Even if attendance isn’t mandatory, it’s still important


By Phil Case

At some point during our time in college, I’m sure we have all noticed that attendance in large lecture halls tends to be rather sparse.

Whether students are nursing themselves through another hangover, avoiding the walk through unbearable DeKalb weather or simply skipping class to take advantage of the rare instance of a beautiful spring day, there is a pervasive notion that our presence is only necessary when there is an exam or a strict attendance policy.

By doing this, students are not only putting their grades at risk, but they are also compromising the value of their education in general.

Although it is unlikely, there might be a point in your life when you want to boast about how much you learned in college. If the conversation was to progress past the fact that you got a “B” in human biology during your sophomore year, would you be able to impress anyone with some semblance of knowledge that transcends filling in multiple choice guesses on a Scantron sheet?

High grade point averages are great, but education is pretty useless if the information obtained is not retained and applied in some way.

I do not simply want to scold students for being dumb and lazy, though, because I really don’t think that is the case. Most students are generally hard-working and dedicated to their academic goals. Other students, however, see the absolute minimum effort required to succeed in college as the standard and do only enough to get by.

Sometimes their reasons for doing so are understandable. Maybe they put their time towards extracurricular activities, part-time jobs or excelling in a class that they are more passionate about.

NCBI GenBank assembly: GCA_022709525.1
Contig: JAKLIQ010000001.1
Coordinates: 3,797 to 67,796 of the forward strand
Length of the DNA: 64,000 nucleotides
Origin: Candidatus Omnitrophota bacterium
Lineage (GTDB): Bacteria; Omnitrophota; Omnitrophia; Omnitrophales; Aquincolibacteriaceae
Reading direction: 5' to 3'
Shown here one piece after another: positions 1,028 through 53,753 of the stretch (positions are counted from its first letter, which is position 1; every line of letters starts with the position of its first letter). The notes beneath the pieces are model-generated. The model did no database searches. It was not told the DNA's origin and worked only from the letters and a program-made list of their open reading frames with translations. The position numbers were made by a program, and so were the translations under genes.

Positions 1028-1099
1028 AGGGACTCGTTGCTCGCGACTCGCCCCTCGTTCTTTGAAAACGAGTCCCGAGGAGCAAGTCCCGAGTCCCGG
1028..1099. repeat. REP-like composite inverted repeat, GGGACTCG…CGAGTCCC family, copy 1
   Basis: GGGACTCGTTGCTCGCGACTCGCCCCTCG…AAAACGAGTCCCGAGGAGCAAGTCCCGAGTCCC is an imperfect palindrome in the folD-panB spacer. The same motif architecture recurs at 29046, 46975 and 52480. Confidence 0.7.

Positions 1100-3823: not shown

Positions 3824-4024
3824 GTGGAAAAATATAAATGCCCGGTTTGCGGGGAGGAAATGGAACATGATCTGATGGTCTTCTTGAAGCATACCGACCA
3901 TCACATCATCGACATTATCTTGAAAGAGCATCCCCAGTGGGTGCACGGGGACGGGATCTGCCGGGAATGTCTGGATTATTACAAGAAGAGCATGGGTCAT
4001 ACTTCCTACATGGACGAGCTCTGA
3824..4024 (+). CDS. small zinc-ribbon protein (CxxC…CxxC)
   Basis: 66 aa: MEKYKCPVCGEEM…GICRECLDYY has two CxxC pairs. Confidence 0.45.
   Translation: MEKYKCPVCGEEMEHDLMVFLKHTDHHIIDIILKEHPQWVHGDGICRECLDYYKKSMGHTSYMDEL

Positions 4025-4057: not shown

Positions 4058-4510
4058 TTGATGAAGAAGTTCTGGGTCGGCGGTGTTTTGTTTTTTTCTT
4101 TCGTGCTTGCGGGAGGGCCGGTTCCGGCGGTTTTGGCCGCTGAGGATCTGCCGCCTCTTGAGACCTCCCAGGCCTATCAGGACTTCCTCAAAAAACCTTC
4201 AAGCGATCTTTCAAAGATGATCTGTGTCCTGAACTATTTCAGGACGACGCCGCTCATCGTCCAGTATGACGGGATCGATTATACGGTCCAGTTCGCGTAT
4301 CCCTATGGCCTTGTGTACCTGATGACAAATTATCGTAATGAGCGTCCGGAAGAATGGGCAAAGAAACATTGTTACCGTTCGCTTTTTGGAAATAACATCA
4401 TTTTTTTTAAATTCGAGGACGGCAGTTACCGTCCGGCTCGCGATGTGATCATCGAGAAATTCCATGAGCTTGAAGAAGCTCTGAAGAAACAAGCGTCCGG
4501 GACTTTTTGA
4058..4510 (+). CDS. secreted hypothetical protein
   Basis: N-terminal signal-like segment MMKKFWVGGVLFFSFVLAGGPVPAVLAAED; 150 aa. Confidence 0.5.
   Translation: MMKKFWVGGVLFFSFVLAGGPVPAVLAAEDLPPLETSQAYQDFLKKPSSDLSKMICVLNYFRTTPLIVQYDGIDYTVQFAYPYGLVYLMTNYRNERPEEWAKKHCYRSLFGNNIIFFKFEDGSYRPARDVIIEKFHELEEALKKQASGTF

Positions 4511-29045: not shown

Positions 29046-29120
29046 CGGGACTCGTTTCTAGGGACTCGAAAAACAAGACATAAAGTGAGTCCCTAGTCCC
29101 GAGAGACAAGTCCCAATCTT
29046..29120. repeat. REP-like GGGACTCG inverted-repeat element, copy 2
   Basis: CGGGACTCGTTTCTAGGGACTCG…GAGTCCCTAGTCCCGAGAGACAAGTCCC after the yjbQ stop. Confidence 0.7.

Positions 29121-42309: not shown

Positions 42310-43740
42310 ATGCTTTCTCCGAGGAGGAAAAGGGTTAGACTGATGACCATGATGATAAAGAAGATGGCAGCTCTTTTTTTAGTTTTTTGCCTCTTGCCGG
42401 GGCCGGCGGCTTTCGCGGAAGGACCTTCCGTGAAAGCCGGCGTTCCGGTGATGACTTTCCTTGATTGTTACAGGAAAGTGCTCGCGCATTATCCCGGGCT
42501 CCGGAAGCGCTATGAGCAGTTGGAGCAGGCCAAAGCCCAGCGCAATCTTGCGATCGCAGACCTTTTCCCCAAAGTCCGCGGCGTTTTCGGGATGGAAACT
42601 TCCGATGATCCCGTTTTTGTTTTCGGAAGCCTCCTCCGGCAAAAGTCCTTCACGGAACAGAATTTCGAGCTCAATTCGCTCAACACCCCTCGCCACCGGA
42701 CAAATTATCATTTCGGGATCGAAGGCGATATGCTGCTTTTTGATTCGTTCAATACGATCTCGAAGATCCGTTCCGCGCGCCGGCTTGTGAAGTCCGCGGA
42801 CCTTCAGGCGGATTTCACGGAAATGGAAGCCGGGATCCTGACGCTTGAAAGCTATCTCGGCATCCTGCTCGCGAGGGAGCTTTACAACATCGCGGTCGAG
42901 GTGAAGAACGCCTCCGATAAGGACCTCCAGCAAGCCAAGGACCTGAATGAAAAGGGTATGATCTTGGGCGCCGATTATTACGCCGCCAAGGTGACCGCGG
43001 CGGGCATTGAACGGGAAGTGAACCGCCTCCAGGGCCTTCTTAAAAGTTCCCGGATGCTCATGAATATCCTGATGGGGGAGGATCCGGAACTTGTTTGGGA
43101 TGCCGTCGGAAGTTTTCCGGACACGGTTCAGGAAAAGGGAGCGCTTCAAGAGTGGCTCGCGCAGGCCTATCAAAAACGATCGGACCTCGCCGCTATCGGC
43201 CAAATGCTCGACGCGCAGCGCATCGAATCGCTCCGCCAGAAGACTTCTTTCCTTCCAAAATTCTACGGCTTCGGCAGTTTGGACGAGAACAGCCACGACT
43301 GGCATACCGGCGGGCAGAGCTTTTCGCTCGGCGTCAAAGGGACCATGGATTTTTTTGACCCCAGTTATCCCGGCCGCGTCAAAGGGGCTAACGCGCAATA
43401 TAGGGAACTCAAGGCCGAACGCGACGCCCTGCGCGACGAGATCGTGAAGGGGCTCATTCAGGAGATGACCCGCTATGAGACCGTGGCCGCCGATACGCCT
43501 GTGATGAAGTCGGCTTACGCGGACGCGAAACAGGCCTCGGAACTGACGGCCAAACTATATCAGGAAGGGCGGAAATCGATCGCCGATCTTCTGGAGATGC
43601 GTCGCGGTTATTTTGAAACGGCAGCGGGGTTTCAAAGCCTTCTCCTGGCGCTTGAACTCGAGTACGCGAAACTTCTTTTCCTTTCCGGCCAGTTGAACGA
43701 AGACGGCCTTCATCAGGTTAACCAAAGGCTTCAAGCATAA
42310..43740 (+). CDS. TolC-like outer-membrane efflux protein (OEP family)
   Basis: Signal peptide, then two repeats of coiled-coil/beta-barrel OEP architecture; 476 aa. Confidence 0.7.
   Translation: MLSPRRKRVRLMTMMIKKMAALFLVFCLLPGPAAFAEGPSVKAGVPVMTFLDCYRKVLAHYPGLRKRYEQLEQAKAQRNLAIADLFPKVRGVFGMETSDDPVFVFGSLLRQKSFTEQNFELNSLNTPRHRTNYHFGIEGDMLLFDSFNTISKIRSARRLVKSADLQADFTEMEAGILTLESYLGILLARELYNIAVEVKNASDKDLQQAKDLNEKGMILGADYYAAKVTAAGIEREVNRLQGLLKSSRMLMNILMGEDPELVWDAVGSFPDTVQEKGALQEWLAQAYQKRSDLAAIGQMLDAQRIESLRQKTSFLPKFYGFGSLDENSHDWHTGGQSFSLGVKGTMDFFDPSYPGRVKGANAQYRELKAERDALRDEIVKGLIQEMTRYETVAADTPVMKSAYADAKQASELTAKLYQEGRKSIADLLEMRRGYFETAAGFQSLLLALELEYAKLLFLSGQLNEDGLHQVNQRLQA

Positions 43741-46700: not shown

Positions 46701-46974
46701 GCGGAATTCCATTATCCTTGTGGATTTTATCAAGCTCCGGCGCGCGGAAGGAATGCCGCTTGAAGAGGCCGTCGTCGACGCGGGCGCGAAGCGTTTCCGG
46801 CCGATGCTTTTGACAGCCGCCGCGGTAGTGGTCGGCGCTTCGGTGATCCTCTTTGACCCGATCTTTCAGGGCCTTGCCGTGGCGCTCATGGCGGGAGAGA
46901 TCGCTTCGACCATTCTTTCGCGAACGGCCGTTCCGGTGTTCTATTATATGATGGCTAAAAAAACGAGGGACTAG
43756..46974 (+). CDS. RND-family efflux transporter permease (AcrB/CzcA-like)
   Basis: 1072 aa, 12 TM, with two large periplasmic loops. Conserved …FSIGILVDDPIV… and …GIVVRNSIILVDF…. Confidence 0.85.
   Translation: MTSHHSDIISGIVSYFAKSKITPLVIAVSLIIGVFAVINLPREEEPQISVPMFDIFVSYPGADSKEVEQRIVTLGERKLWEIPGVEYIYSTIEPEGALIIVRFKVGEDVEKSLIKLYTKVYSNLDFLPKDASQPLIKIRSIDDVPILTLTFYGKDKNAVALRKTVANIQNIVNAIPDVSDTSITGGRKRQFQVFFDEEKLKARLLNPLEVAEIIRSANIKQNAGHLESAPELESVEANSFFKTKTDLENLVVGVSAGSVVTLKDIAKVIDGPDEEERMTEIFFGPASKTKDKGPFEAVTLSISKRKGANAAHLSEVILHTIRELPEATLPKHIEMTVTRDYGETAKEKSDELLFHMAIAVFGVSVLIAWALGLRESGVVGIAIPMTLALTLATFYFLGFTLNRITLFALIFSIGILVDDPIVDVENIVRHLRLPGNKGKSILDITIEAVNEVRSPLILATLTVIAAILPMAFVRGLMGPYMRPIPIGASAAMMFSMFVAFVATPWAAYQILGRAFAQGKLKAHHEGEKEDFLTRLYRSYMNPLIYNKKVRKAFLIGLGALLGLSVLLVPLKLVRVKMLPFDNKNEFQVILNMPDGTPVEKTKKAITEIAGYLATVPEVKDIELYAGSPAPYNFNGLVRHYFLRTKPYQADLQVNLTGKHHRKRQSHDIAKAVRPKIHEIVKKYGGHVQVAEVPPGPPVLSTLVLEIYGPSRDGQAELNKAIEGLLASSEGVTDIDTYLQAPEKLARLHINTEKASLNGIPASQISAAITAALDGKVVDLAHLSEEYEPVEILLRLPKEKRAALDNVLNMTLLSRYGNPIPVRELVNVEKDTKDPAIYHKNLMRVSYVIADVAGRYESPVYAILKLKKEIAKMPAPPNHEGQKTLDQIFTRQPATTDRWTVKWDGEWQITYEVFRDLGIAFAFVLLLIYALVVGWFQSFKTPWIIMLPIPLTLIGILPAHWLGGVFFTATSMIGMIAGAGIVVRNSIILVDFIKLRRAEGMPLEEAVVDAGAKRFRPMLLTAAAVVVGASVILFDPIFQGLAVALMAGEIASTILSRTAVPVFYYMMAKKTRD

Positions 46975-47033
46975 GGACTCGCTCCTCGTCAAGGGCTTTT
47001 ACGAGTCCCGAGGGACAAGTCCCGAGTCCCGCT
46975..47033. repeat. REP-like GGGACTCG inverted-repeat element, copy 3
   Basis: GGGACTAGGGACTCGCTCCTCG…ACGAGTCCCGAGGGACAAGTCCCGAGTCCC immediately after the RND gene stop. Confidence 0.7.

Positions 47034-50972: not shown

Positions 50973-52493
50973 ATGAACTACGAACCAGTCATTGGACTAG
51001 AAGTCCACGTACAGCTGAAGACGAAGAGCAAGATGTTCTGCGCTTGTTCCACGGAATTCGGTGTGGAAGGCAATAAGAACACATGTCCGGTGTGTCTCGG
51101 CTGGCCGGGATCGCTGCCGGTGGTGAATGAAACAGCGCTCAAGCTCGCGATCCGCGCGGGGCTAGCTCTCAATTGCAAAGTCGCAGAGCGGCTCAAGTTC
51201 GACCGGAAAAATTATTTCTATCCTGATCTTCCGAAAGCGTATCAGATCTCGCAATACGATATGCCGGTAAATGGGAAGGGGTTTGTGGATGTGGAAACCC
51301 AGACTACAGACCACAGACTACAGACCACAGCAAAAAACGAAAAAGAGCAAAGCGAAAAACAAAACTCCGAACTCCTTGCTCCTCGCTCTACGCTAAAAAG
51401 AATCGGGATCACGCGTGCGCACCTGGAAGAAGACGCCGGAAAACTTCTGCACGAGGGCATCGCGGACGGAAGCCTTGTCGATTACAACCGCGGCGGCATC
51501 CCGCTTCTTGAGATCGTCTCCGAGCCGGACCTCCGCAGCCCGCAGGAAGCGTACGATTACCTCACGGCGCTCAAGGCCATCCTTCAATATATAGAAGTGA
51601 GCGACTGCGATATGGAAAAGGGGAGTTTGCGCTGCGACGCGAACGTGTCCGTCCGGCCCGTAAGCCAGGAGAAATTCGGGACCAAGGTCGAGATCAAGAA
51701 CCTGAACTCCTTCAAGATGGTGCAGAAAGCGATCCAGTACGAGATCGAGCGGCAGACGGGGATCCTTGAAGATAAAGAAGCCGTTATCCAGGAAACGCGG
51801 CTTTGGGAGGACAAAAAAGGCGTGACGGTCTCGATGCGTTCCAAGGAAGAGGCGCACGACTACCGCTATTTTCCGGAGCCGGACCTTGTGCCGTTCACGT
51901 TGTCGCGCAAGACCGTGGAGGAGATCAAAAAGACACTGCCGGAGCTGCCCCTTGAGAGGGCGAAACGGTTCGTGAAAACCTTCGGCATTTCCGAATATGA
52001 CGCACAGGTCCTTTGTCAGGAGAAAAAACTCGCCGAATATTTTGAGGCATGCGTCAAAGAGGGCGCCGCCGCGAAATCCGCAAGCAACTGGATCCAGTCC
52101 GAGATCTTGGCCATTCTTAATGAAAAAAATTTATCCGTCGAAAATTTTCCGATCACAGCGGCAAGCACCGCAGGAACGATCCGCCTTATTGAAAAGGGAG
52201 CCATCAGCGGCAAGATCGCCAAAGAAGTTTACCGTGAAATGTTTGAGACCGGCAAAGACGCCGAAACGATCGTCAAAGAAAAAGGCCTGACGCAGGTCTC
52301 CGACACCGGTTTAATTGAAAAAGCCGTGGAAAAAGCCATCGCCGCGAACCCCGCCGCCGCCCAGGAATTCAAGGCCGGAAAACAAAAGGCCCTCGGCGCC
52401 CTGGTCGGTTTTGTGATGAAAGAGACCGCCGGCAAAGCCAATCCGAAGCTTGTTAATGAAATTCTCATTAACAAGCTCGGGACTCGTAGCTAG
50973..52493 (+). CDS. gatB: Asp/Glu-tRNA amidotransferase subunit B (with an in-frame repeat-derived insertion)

But if they are, in fact, just skipping class to sift through the wasteland that is daytime television, then they need to reevaluate their priorities.

We all know that college is expensive and, when you really think about it, paying thousands of dollars every few months just to learn the minimum amount of knowledge for the professor to write a letter next to your name makes no sense.

When you are interviewing for a job, whether you got a “B” or a “C” in MATH 101 probably isn’t going to be the deciding factor. Instead, there is a good chance that the employer is going to be looking to see whether you developed any tangible skills over the last four years. The only real way to do that is by attending class.

Not all of the blame can placed on the students for poor lecture attendance though. Some professors make it far too easy for students by putting up all of the PowerPoint slides on Blackboard and adhering to the textbook with a devotion rarely seen outside of religious circles.

Just as students need to approach college seriously, professors should strive to make the material as engaging and practical as possible.

This may have come across as preachy, but as the time I have left in college decreases and the money I have put towards it increases, I really think it is important to be able to reflect on one’s education and see its rewards. It is hard to do that if you spent the last four years sitting through more Full House marathons than lectures.